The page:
“Sunset Shimmer! Over here!” a voice greeted me upon entering the restaurant. I recognized it almost instantly, and would’ve turned and left had Luna not strategically positioned herself between me and the door.

It was Pinkie Pie, and she was waving me down from a table across the room. I began to wonder if I could go back and convince Gilda to press those criminal charges again. Those thoughts didn’t last long, though, as Luna nudged me forward. Pinkie Pie wasn’t the only person eagerly awaiting my arrival as Applejack, Fluttershy, Rainbow Dash, Rarity, and Celestia were all at the table too.

“Um, hello everyone,” I greeted with a nervous wave. “What are you girls all doing here?”

“We’re on a mission from Celestia!” Pinkie Pie answered. Ask a stupid question; get a stupid answer.

“Why don’t ya just have a seat there, Sunset Shimmer,” Applejack spoke up, pushing out the seat next to her.

“When I told your friends about your sudden departure, they were very worried, and they all asked if there was any way they could help,” Celestia explained as I took my seat. “I thought a chance for all of us to sit down and talk would be of great help.”

“No offense, but why are you doing this?” I replied. “I mean, I know that Twilight Sparkle asked you girls to ‘look after’ me, but I’m not going to force you to do something you don’t want to. I think I’ve done enough of that already.” As surprising as it was to see so many people gathered at one table just for my sake, it was hard for me to shake the sense of skepticism that they really wanted to be here. I would not have blamed any of them for wanting to be somewhere else.

“Because it is the right thing to do,” Rarity explained.

“Maybe right for me, but what about the rest of you?” I countered. “Twilight isn’t here, and she didn’t know half of the things that I’ve done. How many of you can honestly say that, even if Twilight Sparkle hadn’t asked, you would still be sitting at this table right now?”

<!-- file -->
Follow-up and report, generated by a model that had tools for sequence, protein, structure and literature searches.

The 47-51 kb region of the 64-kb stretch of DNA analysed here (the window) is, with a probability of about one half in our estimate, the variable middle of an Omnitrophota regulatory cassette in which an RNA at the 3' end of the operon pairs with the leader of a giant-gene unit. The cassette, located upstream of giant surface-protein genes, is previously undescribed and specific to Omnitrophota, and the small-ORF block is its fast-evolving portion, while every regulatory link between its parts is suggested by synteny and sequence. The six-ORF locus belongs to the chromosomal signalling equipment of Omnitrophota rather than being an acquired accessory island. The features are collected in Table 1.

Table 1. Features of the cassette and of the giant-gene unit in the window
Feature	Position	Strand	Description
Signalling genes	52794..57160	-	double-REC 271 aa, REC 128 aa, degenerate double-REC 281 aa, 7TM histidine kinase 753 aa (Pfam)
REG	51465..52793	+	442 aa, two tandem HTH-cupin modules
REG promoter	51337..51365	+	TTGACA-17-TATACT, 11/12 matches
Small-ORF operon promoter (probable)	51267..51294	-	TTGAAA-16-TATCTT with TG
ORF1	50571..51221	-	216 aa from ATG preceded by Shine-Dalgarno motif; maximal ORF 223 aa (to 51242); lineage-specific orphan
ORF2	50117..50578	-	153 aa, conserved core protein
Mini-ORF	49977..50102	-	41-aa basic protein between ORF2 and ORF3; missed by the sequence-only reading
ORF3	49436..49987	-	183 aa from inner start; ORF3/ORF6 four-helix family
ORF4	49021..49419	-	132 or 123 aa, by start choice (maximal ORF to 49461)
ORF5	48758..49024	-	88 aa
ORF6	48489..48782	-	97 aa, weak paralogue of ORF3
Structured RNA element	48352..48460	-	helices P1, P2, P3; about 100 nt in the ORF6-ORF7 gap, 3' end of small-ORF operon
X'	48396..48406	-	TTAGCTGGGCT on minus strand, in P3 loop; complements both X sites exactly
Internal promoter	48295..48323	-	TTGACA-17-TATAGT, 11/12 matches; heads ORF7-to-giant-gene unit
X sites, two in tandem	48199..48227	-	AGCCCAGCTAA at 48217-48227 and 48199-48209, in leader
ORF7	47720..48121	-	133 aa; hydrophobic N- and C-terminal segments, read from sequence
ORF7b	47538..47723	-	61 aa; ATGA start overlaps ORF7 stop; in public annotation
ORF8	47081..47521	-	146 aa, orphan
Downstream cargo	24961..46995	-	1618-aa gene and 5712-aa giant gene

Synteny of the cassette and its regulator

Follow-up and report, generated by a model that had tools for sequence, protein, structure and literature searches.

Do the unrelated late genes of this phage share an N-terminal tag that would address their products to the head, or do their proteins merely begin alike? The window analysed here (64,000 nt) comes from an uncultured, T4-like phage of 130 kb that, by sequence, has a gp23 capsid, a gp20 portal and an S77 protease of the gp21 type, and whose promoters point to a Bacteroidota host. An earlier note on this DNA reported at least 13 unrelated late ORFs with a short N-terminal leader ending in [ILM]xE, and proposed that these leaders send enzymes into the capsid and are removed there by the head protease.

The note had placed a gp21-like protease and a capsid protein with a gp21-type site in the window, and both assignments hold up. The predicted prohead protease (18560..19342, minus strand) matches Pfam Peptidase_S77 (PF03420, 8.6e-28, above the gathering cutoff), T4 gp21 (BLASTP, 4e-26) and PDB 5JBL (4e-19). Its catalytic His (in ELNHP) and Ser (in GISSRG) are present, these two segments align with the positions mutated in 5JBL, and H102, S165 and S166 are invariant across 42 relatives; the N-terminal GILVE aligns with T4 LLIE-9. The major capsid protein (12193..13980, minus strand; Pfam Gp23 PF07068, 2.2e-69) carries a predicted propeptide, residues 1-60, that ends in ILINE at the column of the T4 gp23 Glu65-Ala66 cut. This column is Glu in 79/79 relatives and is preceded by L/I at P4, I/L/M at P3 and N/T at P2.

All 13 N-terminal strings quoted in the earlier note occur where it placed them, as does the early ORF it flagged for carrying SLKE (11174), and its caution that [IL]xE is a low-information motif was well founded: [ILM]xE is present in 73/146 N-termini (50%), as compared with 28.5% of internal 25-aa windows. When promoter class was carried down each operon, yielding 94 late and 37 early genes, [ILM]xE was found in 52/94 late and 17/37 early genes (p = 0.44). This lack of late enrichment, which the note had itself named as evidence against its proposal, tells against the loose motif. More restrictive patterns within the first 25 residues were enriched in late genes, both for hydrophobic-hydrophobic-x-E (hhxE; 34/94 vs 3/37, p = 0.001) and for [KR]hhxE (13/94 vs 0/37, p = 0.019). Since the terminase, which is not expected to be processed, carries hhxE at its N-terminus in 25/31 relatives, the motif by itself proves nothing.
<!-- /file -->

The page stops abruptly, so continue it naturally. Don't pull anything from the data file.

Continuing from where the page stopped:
The fact that none of them answered right away, even going so far as to awkwardly avert their gaze for a second, gave me the confirmation I needed. Sometimes being right wasn’t all that satisfying. Friendship was a powerful force, after all, but without it, you had five young girls being asked to associate themselves with the person they had nothing but disdain for a week ago.

“Listen, I understand that you can’t be expected to like me just because one of your friends asked you to,” I continued since the silence was becoming too tense. “Twilight is your friend, and I’m a bit envious that your friendship is so strong that you’re willing to do something that you’d never consider in a million years. This is my life, too, and I don’t want your pity. Besides, how could I ever expect any of you to ever forgive me?”

Another awkward silence. I was getting good at summoning those. I suspected they were all trying to figure out how to best respond without coming off as disingenuous or contrived. The fact that they respected my feelings enough to not attempt cheap platitudes was reassuring, but it wasn’t enough to change how I felt. How was I expected to look at them with friendship if all I could feel was guilt?

Suddenly, the silence got broken by the last person I expected to speak up, and not just because of how little she talked.

“I forgive you,” Fluttershy quietly proclaimed.

Now it was my turn to stare in abject silence like an idiot. If anyone else had responded as promptly as she had, I would’ve been hesitant to believe them. Fluttershy might hide from the truth from time to time, but that was always out of fear or anxiety. The day that Fluttershy can hide her fear is the day that everyone else should be afraid.

There was no fear in Fluttershy’s voice. She genuinely meant it, and that simple fact alone hit harder than argument any of the others could have made.

“But… you?” I stammered in a daze of confusion. “I treated you the worst out of everyone; I walked all over you. I even spray-painted ‘doormat’ across your locker!”

“That was you?” she replied.

“Of course it was me! Who else would do something like that?” It took a few more moments for me to overcome the mental shock and calm down, after which I continued. “I yelled at you, and shoved you around. I ridiculed you in front of others and let your animals loose in the hallways. How can you just take all of that and not look at me like I’m the worst person in the city?”